How Croatian police stole our money, forced us to sign document at gun point- Returnee Nigerian students
London, Dec. 22, 2019 (AltAfrica)- Two Nigerian table tennis players who were deported to Bosnia-Herzegovina after Croatian police mistook them for illegal migrants have returned home with tales of maltreatment from Croatian police including allegation of stealing
The Two students at the Federal University of Technology, Owerri, Alexander Abia and Eboh Chinedu, who were held in a Bosnian immigration camp for about five weeks, returned to Nigeria on Friday and alleged that Croatian policemen stole €310 (about 125,000) and another $10 (N3,500) in their wallets and also threatened to shoot them.
Alexander and Chinedu shared their ordeal with journalists when they were hosted by the Nigerians in Diaspora Commission in Abuja on Saturday.
The two table tennis players were among five Nigerians who travelled to Zagreb, the capital of Croatia, on November 12 to participate in the World University Championships in Pula.
While two students returned home after the tournament, one applied for asylum while Alexander and Chinedu were deported to Bosnia and Herzegovina by the Croatian police which claimed that they were in the country illegally, despite having arrived in Croatia with valid visas.
Abia stated that they went to Croatia with a FUTO official, identified as Ms Patience, adding that they lost touch with her after they were arrested by the Croatian policemen and deported to the neighbouring Bosnia.
Abia said, “We crashed out of the tennis championships in the second stage, so we were supposed to return to Nigeria on November 18, 2019. A day before which is November 17, we decided to look around the city.
“When we were in Pula, we moved around and toured the city. In Zagreb, we decided to look around when a policeman stopped us and demanded to know our identity.
“We explained to him that we are Nigerians and that we participated in a table tennis championship, but the problem I noticed was that he did not speak English.
“So, he said we should sit on the ground along the road. He made a call and another policeman came and they took us to a police station. They collected our wallets and phones.”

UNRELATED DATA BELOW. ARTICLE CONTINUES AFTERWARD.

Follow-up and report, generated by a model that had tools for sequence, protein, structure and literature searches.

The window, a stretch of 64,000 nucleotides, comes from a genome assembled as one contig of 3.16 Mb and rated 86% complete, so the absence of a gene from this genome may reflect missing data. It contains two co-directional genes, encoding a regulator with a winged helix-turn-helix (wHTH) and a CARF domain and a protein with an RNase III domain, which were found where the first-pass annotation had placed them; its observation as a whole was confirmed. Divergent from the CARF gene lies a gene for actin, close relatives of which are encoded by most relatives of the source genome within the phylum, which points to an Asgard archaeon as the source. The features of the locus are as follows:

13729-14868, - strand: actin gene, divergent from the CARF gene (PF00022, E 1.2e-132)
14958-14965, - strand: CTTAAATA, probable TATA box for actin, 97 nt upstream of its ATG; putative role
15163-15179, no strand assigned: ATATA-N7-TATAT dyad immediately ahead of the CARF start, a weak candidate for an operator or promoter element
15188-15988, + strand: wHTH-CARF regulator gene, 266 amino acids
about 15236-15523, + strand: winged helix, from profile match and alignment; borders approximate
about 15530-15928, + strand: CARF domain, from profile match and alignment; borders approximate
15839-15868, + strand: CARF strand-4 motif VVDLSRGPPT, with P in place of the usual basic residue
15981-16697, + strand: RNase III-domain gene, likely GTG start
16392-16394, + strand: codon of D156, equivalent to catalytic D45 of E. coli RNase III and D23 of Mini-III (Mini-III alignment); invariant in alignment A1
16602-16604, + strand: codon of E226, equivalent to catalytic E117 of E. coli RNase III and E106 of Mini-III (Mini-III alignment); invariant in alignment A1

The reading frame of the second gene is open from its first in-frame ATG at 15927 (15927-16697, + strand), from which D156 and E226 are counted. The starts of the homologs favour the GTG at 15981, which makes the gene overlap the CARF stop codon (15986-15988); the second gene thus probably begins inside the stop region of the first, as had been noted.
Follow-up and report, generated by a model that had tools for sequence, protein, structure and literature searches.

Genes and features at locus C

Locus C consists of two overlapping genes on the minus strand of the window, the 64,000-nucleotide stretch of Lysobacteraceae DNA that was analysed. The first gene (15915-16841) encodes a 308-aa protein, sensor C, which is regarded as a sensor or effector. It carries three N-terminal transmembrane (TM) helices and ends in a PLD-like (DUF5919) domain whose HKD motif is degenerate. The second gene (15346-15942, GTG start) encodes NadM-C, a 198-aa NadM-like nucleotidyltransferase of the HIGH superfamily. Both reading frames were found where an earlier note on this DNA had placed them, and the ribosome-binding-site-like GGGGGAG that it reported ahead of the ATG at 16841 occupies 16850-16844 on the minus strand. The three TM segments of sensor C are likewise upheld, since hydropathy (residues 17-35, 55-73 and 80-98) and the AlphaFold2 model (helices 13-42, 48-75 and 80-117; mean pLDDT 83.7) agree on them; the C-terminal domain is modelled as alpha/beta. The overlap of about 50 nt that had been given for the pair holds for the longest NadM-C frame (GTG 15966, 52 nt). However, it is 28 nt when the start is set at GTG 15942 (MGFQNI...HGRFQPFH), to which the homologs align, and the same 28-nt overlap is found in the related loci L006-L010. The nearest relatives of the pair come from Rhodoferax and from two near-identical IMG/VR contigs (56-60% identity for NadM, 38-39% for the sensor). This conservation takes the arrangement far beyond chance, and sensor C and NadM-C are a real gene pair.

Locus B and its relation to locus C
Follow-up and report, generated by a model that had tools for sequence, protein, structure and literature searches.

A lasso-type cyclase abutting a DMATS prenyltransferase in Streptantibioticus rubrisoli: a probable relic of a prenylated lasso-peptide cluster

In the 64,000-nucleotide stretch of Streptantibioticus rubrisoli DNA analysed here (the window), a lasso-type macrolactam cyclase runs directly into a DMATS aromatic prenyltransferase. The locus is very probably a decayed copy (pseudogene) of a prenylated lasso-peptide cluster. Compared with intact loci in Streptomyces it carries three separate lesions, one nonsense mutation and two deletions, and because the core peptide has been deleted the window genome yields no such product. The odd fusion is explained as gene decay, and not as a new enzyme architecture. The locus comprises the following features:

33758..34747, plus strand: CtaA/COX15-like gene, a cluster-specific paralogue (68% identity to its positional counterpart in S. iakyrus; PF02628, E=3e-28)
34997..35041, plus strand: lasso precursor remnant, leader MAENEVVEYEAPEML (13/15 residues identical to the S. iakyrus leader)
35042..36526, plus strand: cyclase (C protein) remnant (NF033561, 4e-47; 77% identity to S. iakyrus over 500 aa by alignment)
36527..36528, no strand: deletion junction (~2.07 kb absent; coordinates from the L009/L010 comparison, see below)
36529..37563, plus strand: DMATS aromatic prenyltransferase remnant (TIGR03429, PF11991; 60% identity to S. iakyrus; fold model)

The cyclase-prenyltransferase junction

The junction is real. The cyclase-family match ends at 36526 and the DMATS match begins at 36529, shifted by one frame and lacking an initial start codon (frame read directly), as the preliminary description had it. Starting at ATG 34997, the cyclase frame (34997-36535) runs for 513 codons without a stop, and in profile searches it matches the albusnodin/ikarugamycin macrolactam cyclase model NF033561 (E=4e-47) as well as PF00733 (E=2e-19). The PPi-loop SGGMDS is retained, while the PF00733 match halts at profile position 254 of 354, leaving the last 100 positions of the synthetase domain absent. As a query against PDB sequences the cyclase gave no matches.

Abia, a 500-level Computer Science student, said they were detained in a cell, but his colleague, Chinedu fell sick and was vomiting continuously.
According to him, the police refused to listen to their demands for an interpreter, adding that in the night, they were marched into a vehicle with tinted glass and driven to the Bosnian borders.
The trip, he said took over seven hours, adding that at a location, they were transferred into another van with 12 illegal migrants from Pakistan, Indian and other countries.
Abia stated, “They drove us again for over four hours, then they stopped and asked everyone to sign a document that was written in their language without translation. I signed it out of fear, but Chinedu refused and the policeman kicked him, cocked his gun and threatened to shoot him. So, he signed.
“They put us back in the van again and drove us for about two hours. When we got to a forest, they ordered everyone out of the van. They gave me a carton containing our phones, belts and wallets and the €310 and $10 dollars were not there.”
Mr Abia described people in Bosnia as “friendly”, saying they were grateful to Bosnian volunteers who visited the camp and gave them food.
Following his return to Nigeria on Saturday, Mr Abia said he felt “free [and] safe”.
“When you are free you know you are free,” he told the BBC.
The Croatian government has denied their allegations, saying the students disappeared after checking out of their hotel voluntarily.
A ministry spokesperson said officials were checking if it was “another attempt by foreign citizens to abuse attending a sporting tournament in Croatia” to stay in Europe, according to state news agency Hina.
Several migrants who tried to enter the EU via Croatia alleged to the BBC earlier this year that they had been assaulted by Croatian police and illegally expelled back to Bosnia.